After some earlier experimentation I had figured out that the stability and traction control systems did not switch off completely when one engages 4×4 High. So I went the low-range route, cutting out most of the electronics.
With a suitable amount of momentum, we easily conquered the sandy sections. The same could not be said of some of the more hardcore, well, hardware!
On the rocky sections, a circumspect approach allowed the Amarok to sail over the worst parts, and the fancy side bar made contact with terra firma only once. The biggest challenge, as it turned out, was to avoid the rocks on the side of the tracks!
The Amarok is surprisingly wide: At 1954mm it is 119mm wider than a Toyota Hilux double cab (1835mm). So you have to adjust your driving style accordingly – or make friends with a rock or two on the edge of the track. After encountering two rocks, and thankfully suffering no damage, we got our aiming right.
Having made mincemeat of the Shipwreck trail’s sandy parts, we convinced Dudley to take us on the Sandveld 4×4 trail, also near Koingnaas. This trail ambles through a 30 000ha private game reserve, and features 1 200ha of sand dunes.
With the family preferring to sit out for this round, I again engaged 4LOW and deflated the tyres to 1,2bar. I had already removed the spare wheel from its position under the body, and half expected a low-profile tyre to depart from its rim on this trail.
I had to take a second run at some dunes afte starting off in the wrong gear, but the Volksie soldiered on bravely. Negotiating the crests of the dunes required a slightly more speedy approach than normal, what with those shiny side bars drastically reducing the break-over angle.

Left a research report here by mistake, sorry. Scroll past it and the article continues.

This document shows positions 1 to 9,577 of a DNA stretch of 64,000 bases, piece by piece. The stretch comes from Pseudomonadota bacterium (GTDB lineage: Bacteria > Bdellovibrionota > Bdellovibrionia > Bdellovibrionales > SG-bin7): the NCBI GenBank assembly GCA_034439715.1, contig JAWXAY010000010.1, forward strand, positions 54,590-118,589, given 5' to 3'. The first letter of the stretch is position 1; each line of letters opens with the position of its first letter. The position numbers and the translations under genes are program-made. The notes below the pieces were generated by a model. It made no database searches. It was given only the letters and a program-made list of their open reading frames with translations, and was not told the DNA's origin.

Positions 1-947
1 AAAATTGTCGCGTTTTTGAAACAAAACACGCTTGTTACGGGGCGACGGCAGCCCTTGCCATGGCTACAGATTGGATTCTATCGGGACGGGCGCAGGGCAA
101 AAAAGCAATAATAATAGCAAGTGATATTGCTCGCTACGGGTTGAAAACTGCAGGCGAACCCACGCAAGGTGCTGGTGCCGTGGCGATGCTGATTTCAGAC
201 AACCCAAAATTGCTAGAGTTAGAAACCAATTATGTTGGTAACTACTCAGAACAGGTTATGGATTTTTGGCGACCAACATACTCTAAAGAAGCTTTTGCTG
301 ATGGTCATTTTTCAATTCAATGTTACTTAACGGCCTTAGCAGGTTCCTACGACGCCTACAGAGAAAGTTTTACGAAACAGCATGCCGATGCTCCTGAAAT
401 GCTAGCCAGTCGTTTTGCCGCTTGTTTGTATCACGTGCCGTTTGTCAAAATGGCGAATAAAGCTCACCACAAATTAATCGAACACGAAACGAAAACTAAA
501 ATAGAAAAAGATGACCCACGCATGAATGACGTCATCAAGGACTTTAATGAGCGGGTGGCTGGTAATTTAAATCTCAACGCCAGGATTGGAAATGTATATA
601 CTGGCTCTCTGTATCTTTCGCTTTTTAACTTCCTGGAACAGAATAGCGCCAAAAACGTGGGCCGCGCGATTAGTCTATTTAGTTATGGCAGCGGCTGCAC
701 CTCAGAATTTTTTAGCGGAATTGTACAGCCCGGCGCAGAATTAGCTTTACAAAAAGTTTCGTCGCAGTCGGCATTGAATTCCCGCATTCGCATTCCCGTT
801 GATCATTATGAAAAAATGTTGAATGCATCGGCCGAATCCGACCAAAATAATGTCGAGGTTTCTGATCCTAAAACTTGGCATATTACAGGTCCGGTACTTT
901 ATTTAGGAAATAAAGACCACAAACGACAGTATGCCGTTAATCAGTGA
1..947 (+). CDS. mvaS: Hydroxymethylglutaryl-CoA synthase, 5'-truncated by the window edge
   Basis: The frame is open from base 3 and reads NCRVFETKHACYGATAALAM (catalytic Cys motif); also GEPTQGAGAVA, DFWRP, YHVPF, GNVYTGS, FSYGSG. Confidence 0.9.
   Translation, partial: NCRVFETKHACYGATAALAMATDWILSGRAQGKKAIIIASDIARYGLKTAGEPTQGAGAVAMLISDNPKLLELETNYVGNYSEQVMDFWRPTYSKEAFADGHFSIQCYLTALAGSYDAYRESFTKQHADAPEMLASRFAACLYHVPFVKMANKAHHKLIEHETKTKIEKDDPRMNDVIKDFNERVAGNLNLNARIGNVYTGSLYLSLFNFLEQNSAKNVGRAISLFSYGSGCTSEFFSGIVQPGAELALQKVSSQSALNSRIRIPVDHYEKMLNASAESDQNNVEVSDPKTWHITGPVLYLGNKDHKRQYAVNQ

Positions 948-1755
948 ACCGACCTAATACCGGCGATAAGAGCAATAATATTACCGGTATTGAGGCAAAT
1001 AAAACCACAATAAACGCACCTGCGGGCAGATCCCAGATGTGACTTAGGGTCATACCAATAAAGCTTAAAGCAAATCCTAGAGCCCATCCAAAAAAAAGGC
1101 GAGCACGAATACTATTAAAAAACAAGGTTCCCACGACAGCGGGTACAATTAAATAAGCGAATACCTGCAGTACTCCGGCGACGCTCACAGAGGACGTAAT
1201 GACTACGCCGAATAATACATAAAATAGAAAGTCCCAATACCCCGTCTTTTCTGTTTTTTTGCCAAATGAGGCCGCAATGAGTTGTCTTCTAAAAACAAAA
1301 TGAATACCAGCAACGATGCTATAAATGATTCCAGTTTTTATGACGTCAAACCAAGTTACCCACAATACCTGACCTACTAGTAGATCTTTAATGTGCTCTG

I attacked one such crest with due speed, crested it – and then realised the sand had levelled out on the other side, barely a metre below the crest. The result was that the Amarok’s fancy “front bumper trim” connected hard with mother earth – damaging the part.
But all in all, the Amarok, despite its cool but 4×4-unfriendly wheels and tyres, ran with the best of them. All and sundry were suitably impressed.
On the way back to the city, between Ventersdorp and Coligny, and with the sun about to reveal itself on the horizon, a guineafowl decided to commit suicide by flying directly into the Amarok’s front end. The result was a broken left headlight.
But after spending about 5000km with the bakkie, traversing gravel, tar and 4×4 obstacles, city tar roads and deserted gravel B-roads, I have certainly been impressed. The Amarok is the most comfortable bakkie I’ve had the pleasure of living with, and my family agrees.
Here’s to the next 5000km – and a set of Goodyear Duratrac off-road tyres!
VW Amarok 2.0BiTDI 4Motion
Good: Ride comfort, handling, space, sound system quality, reasonable economy, AluCab canopy, big and chunky good looks, the easy-to-use 4×4 system, the stability control that does its job without the driver knowing that it is doing its job
Not so good: The small capacity engine that runs out of steam if you don’t rev it, the finicky clutch/gearbox combination, some of the bling accessories, the bulk and width of the machine in a tight parking area
Wish list: Off-road tyres and wheels, VW’s V10 TDI engine (okay, so that’s not going to happen), the eight-speed automatic version with the 132 kW 2.0BiTDI mill (it arrives later in 2012)
Issues so far: Front bumper trim (courtesy of the driver) and front headlight (courtesy of a depressed guineafowl), resulting in about R8 000 worth of damage. Ouch.
Odometre reading: 7 952km
Average fuel consumption: 10,9 litres/100km
Want to know more?
Shipwreck 4×4 trail, Kleinzee: Contact Sandy Blake at tel. 027 877-0028, e-mail email@example.com; www.coastofdiamonds.co.za. Sandy will also be able to assist with accommodation bookings in the Kleinzee and Koingnaas area.
AluCab aluminium canopy: Contact Jeremy Bergh at Tel. 021 703-3028, e-mail firstname.lastname@example.org; www.alu-cab.co.za.